Rapid growth in card issuance and usage, a fast-expanding POS network and growing economies. The Eurasian payments market holds exciting opportunities for all kinds of payments players – so why aren’t more international companies piling in? James Wood heads East in search of some answers.
At a time when Western Europe is seeing the diversification of its payments markets, a full-throttle shift to digital and increasing regulation, you might think intermediaries and the major payment systems would be looking for growth in areas they’re familiar with – card numbers, turnover and infrastructure such as POS terminals and ATMs.
Our survey of Western and Central Europe’s payments business (see PCM, January-February 2021) showed a card sector in robust health despite the much-hyped advent of mobile wallets and account-to-account payments. Compared to the EU, however, data from Eurasian markets – defined as Ukraine, Russia, Belarus, Moldova, Armenia, Azerbajian, Georgia, Kazakhstan, the Kyrgyz Republic and Uzbekistan – show very strong growth, verging at times on the spectacular.
Cards: double the EU’s growth rate
Data from our Eurasian yearbooks shows card numbers across Eurasian markets growing at more than twice the rate seen across Western and Central Europe, rising 8.2 percent over the past year compared with four percent in the EU and UK.
“Eurasian markets show strong growth, verging at times on the spectacular.”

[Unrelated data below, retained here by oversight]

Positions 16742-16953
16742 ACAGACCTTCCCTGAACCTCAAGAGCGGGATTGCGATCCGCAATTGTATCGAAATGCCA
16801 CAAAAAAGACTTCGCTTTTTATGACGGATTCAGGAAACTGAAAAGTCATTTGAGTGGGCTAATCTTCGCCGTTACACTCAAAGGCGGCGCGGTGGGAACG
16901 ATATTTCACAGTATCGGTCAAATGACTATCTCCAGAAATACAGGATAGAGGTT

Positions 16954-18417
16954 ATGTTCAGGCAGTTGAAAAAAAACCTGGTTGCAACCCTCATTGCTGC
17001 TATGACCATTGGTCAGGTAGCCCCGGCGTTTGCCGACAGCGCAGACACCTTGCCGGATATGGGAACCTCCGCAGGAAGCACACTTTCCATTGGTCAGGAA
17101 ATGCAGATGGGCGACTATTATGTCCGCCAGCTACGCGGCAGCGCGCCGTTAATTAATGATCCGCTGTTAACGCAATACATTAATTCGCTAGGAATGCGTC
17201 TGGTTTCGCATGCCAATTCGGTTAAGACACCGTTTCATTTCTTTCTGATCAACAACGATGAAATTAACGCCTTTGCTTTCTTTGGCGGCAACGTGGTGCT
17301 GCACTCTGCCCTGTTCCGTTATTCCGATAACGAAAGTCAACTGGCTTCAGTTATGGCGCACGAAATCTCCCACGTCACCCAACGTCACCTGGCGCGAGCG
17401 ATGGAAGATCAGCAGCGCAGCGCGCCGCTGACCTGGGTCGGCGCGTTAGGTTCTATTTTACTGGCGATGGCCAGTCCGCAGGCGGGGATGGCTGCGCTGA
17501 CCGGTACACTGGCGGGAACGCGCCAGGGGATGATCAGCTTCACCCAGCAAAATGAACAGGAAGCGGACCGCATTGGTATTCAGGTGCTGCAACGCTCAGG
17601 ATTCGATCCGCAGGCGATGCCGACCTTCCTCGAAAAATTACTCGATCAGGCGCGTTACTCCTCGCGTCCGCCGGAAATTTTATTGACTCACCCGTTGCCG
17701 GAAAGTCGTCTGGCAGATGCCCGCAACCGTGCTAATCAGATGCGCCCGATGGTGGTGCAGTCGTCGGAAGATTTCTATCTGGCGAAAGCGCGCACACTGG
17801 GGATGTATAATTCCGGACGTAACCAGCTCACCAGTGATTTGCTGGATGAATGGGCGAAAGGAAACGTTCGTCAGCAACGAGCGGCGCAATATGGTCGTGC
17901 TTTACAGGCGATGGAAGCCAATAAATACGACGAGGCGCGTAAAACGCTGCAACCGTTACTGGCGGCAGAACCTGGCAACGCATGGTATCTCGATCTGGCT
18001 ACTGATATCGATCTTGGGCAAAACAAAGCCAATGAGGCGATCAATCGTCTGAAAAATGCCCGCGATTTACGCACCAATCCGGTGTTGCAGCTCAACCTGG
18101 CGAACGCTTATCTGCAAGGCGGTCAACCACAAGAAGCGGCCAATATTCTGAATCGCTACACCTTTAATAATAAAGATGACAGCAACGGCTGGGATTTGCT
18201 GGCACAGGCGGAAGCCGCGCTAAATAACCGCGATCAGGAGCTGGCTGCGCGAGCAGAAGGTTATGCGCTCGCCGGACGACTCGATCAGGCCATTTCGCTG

This is part of a long-term trend, as the five-year growth rate shows: what’s more, while Eurasian numbers are from a lower base, the “cards-per-capita” figure demonstrates that it’s not all about catching up. Eurasia now boasts 1.5 cards per capita, compared with 1.68 across the EU.
The number of cards per capita grew by 7.5 percent across Eurasia last year. This suggests there’s still room for further rapid growth in these markets, which are also beginning to demonstrate signs of maturity.
“There are wide variations in the maturity of these markets, with Russia comparable to Western markets by some measures.”
Card payments are growing strongly across the region, with a five-year compound growth rate of 41.9 percent. Among Eurasian markets, Kazakhstan had the highest growth rate, at 128.2 percent. There are wide variations in the maturity of Eurasian markets, with Russia in particular showing signs of full maturity and the Kyrgyz Republic at a much earlier stage of development.
POS terminals: Max headroom
Further evidence of the potential for growth in these markets comes from the region’s POS estate, which grew by 16.7 percent in the year to January 2020. Despite this strong growth, the installed POS base across Eurasia is still less than half that seen in Western and Central Europe, at 15,042 terminals per million people versus 32,759 terminals per million people across the EU27 + the UK.
Given that POS terminals in Russia account for almost 70 percent of these terminals, the potential for further growth across the region is clear.
ATMs: the withdrawal begins?
It’s widely accepted that as cash use reduces, use of ATMs also declines. For some time now, Western Europe’s ATM estate has been slowly declining. While more capable “super ATMs” might yet reverse this trend by offering access to investment and loan products outside the branch, the recent trend in most of the EU has been a slow reduction in numbers.
As might be expected given the wide disparities between Eurasian markets in terms of maturity, the situation regarding ATMs in Eurasia is highly diverse. ATM usage is declining in Russia, the region’s most mature market, and is slowing in other more mature markets like Georgia and Ukraine.
Across the region, ATM withdrawals declined as a percentage of overall card transactions from 12.1 percent last year to 9.2 percent this year, though these figures were heavily weighted by a decline in ATM use in Russia.
Banking trends: contactless, wallets and more